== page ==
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2013 Economic Yearbook: Southwest

A Widespread Optimism

 

“We’re sure not booming, but we’re getting there.”

Lee County’s Winston Oxford is talking about his coun-ty, but he could be speaking for the entire South-west Georgia region. After several years of struggling with an ailing economy, the region’s economic developers are ready for some good economic times and most agree they may be starting, admittedly at a modest pace.

The optimism is widespread, although some areas are seeing more actual signs of growth than others. Leading the upward trend: retail, existing industry expansion and agriculture, long the region’s economic mainstay and about the only consistent bright spot in recent years. 

 Oxford, executive director of the Lee County Chamber and Development Au-thority, is among those seeing both potential and real signs of a growing economy.

“We started the year with a new Chick-fil-A and a new GM dealership under construction and a John Deere dealership due to break ground later this year,” he says. “Our retail business has helped us weather the economic downturn a little better than many others. Our tax base has remained consistent and even grown a little, but it’s been a struggle.”

Oxford sees better days ahead. “Last year was better than 2011, and we expect 2013 will be even better,” he says. “I’m elated about how many potential prospects we have. I’ve got a double handful of prospects really interested, so it looks very promising.”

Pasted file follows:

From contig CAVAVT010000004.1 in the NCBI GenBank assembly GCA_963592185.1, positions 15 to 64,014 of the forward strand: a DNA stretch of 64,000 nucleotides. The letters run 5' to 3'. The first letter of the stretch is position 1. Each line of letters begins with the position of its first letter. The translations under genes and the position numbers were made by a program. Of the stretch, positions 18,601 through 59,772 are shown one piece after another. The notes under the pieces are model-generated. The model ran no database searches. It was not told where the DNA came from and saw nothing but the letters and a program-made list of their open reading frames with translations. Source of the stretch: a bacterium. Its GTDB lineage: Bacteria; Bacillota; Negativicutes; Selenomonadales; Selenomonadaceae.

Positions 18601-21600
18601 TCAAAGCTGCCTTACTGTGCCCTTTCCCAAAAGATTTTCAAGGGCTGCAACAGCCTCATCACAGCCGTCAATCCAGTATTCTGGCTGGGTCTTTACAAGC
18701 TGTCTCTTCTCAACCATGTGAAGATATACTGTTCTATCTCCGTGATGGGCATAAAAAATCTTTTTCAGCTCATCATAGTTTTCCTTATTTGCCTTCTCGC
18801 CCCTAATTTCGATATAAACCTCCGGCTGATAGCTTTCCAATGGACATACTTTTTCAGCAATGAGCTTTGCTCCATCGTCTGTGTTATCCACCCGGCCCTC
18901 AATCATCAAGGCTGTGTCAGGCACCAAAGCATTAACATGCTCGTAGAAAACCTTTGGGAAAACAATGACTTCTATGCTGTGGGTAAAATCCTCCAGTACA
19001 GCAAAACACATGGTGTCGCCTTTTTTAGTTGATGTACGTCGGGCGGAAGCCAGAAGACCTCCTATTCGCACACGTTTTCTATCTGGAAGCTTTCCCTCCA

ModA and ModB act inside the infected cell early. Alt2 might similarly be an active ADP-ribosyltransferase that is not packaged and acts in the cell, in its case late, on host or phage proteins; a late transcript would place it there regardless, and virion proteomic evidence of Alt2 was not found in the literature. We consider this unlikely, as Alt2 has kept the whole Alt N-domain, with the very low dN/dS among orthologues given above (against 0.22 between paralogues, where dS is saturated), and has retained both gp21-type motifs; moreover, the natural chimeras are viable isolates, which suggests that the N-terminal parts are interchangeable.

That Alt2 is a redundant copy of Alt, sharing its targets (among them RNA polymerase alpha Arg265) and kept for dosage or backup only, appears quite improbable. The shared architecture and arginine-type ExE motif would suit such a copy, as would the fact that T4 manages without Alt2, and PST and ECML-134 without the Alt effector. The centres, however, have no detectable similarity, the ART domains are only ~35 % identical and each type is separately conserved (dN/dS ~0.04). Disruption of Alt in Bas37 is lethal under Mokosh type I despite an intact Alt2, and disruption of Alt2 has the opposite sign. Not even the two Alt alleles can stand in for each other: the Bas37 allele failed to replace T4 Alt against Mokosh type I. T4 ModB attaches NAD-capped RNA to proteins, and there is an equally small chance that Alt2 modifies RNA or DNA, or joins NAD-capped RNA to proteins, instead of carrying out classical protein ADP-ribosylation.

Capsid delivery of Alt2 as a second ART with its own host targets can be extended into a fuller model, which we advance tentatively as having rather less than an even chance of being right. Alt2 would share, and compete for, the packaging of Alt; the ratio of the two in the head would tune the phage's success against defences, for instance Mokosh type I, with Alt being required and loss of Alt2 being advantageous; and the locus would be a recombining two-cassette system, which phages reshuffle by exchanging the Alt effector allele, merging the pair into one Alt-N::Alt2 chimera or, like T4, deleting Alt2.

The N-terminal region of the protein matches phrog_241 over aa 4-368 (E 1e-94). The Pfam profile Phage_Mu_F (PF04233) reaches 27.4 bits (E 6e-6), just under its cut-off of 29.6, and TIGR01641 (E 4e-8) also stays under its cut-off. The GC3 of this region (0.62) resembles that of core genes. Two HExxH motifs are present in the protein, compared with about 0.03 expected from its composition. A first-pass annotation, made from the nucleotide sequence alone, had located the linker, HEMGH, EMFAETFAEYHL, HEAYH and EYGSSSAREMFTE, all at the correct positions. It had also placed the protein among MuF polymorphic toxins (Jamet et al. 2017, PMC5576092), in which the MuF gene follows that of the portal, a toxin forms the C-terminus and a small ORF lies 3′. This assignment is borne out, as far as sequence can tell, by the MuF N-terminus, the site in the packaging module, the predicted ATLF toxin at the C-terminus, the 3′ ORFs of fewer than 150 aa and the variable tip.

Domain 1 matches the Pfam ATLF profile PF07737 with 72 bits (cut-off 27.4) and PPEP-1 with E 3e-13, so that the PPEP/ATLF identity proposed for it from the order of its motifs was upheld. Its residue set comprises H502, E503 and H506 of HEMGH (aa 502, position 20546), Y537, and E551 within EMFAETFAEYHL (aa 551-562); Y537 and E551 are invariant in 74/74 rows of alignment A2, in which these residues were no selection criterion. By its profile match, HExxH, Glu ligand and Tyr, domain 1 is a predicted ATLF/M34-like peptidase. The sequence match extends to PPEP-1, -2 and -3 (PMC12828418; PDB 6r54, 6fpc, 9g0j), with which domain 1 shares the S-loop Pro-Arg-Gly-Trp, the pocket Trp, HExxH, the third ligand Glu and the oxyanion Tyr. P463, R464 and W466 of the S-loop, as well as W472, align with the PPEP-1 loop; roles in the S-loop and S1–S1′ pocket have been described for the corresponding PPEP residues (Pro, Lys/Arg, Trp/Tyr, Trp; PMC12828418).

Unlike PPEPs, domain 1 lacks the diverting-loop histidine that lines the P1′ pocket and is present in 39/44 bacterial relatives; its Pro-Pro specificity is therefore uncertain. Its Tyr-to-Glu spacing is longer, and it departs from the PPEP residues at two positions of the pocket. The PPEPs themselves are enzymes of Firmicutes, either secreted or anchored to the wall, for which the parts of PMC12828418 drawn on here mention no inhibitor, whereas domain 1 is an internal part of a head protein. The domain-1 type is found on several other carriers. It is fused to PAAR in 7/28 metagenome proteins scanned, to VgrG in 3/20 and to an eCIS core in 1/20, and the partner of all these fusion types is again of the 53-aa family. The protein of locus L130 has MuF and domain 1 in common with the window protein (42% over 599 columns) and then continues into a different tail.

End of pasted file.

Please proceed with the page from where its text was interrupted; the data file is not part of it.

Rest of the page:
A number of communities have used the downtimes to prepare for future growth. “In 2010, we came up with a three-year strategic plan,” says Bruce Drennan, executive director of the Cordele-Crisp County Industrial Development Council. “In 2011, we began preparing for the upturn. In 2012 we started instituting the ideas, and now we think this will be our year.”

It looks like he’s right. A manufacturer of railroad crossties opened in February, a wood pellet manufacturer has plans for a facility nearby, and Owens Corning announced that, after a four-year delay, it would get under way this year on a fiberglass insulation plant.